The Australian

says the ACTU has declared the Howard Government’s proposal for
employees to cash out two weeks annual leave each year to be
unacceptable, claiming that workers may be forced to permanently reduce
their holiday entitlements. The Oz also reveals that the Dr Death inquiry
is in crisis after commissioner Tony Morris QC attempted to strike a
deal to avoid a court bid to shut down the $4 million inquiry,
prompting lawyers for Bundaberg Base Hospital’s district manager to
attempt to force Morris to stand aside.

The Sydney Morning Herald
leads with business leaders encouraging the government to launch a
campaign to counter the ACTU’s $8 million media blitz attacking the
planned industrial relations reforms. Meanwhile the Democrats could still be important in the Senate balance, says the SMH.
The Democrats’ support of Government’s IR reforms means that the plan
could pass even if some Coalition senators voted against it. The SMH also
reveals the story of how a house party for well-heeled,
fashion-conscious ladies turned into a nightmare for the hostess when a
private investigator for French luxury goods brand Louis Vuitton found out about the “glamour garage sale.”

The Age‘s
front page is dominated by the “damning” findings in the Rau affair
after the Palmer Report found that the Department of Immigration failed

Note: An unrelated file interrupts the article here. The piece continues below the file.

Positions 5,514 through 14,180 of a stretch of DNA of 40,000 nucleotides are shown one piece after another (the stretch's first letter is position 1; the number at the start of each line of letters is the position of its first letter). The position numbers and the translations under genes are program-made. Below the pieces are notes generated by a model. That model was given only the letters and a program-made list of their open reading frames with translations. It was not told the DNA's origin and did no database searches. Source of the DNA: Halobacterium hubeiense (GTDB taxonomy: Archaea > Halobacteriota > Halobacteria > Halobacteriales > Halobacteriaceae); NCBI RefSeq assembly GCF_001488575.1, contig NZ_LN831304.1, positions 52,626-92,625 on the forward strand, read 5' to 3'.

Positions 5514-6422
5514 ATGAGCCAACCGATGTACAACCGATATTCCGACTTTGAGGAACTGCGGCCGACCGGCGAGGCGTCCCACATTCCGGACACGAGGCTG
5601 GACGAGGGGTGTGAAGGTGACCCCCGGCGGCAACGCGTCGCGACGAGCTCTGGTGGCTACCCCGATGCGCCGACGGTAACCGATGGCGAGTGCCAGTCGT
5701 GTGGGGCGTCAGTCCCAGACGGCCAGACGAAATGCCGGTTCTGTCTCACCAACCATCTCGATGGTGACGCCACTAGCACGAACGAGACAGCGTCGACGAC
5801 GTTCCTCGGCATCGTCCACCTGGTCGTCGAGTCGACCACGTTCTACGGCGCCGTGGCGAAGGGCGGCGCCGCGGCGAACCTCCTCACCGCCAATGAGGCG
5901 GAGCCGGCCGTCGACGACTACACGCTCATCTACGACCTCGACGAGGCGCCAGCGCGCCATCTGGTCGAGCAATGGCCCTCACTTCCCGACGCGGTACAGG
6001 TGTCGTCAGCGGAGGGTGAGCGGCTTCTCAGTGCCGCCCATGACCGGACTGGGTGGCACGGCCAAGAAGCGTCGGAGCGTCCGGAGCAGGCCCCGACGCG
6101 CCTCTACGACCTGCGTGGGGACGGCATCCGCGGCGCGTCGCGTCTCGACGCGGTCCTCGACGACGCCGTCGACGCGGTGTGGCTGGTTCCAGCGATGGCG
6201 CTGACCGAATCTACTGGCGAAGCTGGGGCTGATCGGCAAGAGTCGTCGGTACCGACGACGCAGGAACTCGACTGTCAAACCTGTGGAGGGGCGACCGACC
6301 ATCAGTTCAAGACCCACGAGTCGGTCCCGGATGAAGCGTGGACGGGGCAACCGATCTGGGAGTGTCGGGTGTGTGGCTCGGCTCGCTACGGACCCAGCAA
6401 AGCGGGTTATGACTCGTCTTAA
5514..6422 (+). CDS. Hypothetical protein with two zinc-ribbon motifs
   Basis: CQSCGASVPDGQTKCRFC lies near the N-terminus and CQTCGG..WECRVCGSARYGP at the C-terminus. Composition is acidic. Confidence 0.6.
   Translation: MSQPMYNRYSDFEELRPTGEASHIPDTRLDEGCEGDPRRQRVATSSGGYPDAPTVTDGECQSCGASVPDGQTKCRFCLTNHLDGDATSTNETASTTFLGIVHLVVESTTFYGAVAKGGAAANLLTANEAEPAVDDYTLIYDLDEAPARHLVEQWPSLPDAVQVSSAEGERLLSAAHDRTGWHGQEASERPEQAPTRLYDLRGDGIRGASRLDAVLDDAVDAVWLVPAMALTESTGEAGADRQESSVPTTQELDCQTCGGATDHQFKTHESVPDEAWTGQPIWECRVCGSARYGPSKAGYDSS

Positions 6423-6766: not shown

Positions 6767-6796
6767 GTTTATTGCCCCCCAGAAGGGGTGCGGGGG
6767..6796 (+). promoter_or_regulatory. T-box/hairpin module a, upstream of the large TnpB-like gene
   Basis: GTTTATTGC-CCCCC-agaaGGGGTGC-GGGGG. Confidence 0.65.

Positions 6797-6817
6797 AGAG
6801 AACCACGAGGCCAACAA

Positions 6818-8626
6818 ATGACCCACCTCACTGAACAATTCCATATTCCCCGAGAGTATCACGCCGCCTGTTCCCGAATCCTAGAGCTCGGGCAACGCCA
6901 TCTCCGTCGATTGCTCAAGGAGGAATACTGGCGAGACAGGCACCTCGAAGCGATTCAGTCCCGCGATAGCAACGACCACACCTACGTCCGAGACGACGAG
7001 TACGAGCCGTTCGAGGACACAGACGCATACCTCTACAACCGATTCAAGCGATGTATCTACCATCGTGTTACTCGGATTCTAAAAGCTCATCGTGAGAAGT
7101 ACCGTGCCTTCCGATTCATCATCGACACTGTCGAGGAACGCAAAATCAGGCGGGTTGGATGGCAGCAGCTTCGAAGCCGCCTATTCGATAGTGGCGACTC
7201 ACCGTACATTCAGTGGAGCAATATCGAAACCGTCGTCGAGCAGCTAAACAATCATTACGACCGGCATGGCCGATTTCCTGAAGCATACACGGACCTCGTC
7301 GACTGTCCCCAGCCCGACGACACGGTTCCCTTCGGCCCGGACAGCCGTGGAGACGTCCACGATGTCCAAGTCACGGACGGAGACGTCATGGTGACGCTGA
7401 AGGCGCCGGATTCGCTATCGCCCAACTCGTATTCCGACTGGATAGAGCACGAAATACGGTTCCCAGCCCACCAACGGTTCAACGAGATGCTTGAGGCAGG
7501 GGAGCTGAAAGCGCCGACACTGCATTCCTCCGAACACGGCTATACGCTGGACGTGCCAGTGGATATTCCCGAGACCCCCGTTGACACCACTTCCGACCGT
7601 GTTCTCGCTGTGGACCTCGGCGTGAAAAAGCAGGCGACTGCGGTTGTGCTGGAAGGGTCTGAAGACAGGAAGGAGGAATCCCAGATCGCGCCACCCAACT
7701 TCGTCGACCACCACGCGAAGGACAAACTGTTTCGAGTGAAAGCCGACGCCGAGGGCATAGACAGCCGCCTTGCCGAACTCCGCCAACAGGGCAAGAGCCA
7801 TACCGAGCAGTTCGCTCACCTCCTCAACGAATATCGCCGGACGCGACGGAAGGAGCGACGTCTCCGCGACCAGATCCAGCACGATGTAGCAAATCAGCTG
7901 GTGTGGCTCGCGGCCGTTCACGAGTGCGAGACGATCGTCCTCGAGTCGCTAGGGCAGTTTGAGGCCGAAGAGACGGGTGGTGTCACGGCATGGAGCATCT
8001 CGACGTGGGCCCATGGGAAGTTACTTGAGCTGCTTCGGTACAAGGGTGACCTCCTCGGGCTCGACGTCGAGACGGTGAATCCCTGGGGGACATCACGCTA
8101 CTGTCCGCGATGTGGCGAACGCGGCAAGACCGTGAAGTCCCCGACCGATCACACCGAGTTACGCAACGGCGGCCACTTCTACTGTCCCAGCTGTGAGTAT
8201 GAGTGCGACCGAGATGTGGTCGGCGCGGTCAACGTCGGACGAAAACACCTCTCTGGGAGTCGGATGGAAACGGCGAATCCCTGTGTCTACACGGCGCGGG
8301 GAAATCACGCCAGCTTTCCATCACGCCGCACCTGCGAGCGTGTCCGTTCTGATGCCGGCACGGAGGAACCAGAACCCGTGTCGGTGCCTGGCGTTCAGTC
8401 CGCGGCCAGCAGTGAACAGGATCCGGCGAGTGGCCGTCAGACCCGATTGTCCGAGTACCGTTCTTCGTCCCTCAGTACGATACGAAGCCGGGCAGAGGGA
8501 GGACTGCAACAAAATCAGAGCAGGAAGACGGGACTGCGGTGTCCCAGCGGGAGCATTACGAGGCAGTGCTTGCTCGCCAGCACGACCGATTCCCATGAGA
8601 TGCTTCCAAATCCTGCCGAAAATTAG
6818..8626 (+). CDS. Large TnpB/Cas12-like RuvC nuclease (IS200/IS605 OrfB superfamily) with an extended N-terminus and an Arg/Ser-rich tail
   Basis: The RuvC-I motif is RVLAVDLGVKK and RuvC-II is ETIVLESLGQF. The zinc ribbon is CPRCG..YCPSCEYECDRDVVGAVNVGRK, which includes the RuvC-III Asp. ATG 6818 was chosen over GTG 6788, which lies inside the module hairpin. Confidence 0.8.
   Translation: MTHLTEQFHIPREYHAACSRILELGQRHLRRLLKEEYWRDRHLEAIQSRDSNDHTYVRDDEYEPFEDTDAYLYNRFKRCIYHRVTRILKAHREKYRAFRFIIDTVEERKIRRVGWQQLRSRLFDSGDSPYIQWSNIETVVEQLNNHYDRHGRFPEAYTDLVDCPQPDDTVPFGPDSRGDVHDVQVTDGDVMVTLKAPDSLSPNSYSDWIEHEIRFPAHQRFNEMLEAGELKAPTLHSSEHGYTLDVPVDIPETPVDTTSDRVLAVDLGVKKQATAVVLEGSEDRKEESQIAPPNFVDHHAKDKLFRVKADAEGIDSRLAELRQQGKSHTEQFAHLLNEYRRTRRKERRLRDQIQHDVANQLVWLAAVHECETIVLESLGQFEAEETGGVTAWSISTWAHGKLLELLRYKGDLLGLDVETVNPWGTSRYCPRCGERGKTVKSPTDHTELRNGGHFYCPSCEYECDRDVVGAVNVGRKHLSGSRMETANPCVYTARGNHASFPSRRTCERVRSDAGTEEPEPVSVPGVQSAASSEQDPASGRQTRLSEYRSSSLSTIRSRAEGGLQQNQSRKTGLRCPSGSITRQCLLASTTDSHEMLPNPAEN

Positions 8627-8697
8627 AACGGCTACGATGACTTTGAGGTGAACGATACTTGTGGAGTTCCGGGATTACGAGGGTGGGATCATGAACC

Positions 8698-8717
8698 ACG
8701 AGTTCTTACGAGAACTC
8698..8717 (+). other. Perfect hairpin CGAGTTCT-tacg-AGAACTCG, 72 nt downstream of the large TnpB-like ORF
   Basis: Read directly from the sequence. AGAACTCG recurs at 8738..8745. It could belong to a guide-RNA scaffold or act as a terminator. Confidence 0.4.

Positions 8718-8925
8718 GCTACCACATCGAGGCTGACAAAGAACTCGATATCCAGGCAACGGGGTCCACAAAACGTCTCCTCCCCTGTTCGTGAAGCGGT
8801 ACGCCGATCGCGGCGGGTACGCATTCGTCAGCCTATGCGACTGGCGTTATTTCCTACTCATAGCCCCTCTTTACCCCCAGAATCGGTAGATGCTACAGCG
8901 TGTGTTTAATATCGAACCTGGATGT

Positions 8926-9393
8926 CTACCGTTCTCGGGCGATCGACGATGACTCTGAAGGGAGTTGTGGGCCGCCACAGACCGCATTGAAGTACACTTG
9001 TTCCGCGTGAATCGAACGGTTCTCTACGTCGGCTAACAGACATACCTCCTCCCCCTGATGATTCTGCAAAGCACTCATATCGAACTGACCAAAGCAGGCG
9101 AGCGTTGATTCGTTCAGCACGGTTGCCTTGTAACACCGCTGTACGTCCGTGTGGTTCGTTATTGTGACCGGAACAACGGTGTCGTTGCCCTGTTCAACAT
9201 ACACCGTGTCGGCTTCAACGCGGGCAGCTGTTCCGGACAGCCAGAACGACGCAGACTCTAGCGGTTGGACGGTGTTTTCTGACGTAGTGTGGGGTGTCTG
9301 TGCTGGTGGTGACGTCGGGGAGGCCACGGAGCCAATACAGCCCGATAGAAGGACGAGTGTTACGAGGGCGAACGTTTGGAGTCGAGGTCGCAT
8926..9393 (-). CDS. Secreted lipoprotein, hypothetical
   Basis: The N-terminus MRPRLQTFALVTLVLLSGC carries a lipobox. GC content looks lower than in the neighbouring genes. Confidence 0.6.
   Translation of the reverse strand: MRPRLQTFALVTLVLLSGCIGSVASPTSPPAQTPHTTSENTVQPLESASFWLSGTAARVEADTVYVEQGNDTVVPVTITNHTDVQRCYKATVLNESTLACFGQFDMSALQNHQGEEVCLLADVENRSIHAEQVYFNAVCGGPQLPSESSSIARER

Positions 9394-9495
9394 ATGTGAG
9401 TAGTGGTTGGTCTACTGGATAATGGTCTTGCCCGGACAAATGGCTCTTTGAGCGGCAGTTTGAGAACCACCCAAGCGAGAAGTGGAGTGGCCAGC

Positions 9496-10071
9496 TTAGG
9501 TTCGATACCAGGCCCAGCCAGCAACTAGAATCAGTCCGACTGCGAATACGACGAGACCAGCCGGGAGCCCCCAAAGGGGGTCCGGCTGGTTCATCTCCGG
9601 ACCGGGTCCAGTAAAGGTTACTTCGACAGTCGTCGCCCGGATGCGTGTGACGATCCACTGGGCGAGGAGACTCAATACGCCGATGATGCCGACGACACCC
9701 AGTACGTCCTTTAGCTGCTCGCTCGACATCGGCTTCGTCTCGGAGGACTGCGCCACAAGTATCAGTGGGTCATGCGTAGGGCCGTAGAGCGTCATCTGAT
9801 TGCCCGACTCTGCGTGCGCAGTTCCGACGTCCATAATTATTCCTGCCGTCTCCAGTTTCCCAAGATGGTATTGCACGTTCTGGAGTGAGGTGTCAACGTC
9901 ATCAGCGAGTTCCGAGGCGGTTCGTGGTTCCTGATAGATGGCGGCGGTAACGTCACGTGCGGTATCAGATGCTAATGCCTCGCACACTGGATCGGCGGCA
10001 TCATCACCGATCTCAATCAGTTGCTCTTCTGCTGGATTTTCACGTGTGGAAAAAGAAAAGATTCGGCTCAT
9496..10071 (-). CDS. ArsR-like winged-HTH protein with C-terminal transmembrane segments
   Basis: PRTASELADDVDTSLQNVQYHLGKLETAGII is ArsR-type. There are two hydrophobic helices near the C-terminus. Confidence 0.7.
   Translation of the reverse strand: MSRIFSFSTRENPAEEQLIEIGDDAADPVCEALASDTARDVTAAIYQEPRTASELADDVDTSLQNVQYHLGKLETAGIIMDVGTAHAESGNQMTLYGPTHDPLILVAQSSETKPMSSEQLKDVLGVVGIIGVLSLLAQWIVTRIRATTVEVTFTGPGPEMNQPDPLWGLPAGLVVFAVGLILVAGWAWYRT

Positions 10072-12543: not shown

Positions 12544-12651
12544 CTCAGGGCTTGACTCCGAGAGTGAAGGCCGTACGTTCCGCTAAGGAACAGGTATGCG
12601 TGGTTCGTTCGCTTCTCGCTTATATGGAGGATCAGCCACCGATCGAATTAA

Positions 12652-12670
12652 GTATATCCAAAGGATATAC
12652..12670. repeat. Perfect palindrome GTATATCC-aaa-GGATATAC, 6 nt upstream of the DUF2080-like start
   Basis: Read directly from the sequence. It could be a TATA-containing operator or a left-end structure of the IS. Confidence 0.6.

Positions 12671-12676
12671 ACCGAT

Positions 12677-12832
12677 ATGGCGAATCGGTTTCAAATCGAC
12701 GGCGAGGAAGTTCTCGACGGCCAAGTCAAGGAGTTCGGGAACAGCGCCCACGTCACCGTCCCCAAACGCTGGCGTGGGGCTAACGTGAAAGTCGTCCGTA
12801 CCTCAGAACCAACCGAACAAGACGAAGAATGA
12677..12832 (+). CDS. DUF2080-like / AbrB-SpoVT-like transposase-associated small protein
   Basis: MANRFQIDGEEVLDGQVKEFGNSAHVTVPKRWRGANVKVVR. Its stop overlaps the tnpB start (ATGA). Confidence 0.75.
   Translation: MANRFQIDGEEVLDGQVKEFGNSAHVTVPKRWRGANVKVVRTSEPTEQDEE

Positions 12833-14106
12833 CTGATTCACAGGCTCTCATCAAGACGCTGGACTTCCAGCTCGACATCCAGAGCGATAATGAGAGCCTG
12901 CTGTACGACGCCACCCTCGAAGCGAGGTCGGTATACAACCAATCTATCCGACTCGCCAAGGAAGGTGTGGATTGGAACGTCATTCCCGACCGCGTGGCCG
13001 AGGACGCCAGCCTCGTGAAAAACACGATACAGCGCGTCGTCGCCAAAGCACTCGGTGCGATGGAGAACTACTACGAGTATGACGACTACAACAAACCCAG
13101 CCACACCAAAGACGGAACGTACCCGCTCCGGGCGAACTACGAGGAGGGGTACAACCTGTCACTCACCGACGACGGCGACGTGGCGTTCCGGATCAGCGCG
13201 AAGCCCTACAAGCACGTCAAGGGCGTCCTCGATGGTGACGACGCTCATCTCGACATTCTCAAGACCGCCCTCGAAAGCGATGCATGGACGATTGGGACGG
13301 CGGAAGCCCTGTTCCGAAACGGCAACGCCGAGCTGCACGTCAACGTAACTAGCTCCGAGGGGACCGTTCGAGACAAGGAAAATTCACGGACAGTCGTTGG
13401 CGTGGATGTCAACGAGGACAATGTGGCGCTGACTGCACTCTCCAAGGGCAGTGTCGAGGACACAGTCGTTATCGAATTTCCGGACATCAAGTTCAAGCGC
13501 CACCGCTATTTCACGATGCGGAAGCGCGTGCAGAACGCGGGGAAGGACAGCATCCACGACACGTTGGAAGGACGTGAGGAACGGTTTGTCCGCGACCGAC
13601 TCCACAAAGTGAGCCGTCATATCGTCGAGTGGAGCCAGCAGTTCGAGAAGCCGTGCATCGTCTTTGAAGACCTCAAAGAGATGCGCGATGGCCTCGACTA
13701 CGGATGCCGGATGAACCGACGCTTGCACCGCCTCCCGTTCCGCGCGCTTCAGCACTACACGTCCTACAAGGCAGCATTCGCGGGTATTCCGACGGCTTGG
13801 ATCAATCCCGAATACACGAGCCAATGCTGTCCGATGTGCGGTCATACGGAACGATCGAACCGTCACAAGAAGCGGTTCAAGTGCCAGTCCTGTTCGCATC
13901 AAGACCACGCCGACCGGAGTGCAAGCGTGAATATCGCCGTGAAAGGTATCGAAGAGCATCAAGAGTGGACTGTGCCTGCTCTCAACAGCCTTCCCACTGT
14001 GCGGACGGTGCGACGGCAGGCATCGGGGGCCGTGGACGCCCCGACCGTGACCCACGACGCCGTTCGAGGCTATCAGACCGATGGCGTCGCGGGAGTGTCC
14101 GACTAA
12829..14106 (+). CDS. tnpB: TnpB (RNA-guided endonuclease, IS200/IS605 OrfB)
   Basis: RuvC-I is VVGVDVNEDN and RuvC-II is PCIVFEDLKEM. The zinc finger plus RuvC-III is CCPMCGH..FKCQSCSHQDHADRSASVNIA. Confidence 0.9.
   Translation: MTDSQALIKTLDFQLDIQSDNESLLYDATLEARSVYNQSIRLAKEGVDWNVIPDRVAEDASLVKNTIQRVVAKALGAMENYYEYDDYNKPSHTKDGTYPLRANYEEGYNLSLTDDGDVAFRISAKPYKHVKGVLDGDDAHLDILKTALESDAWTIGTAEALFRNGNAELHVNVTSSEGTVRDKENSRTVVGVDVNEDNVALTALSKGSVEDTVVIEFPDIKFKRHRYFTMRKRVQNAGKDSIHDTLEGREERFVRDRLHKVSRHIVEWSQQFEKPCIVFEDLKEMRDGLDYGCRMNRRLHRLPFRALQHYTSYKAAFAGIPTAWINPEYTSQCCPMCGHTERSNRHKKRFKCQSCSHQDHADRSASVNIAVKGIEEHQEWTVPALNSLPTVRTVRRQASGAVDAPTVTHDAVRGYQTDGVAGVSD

to provide proper care for Cornelia Rau, “who was simply a person who
desperately needed help.” The Age also reports that the ALP has sold its Canberra “rent rort” property – Centenary House
– for up to $35 million. The building’s official owner, John Curtin
House Ltd, will receive the sale money, but the ALP is expected to
pocket several million dollars after taxes and loan repayments, says The Age.
And as the cost of petrol continues to rise, sales of large sedans and
big four-wheel-drives are declining as buyers opt for smaller, more economic cars, say figures from the Federal Chamber of Automotive Industries.

The Herald Sun splashes with Schapelle Corby’s plea to John Howard under the headline “HELP FREE ME.” The Hun also reports that Rene Rivkin’s ex-wife Gayle Rivkin
has attacked the civil legal action launched against Melbourne
businessman Steve Vizard, saying it was “a totally different law for
one person, different one for another.”

The Daily Telegraph
goes big with the “FOOD FIGHT” at the G8 summit after deals on trade
faltered, bending to the whims of Europe’s and US’s affluent farmers.
And The Tele says John Howard
will decide today if he needs to end his mid-year holiday – and his day
at the Ashes – to rescue the government’s industrial relations package
following poor ratings in recent opinion polls.

The Courier-Mail
says the state government will refuse to fund a legal challenge to the
health inquiry by two Queensland Health officials at the centre of the
scandal. Seven years of dry and unusual weather patterns means
Tasmanians may be hit with power blackouts later this year with the
state’s main hydroelectricity dams below 23% capacity, says The Mercury. The West Australian
says taxpayers are losing out on thousands of dollars because the
police leave vehicles seized under asset confiscation laws in a police
compound for several years before being sold at marked-down prices or
fixed and returned to their owners. And in the Northern Territory a
magistrate has taken into account the “beliefs and cultural values”
about sorcery and death when sentencing a man for offences which
occurred following the death of his son by black magic, say the NT News.

Peter Fray

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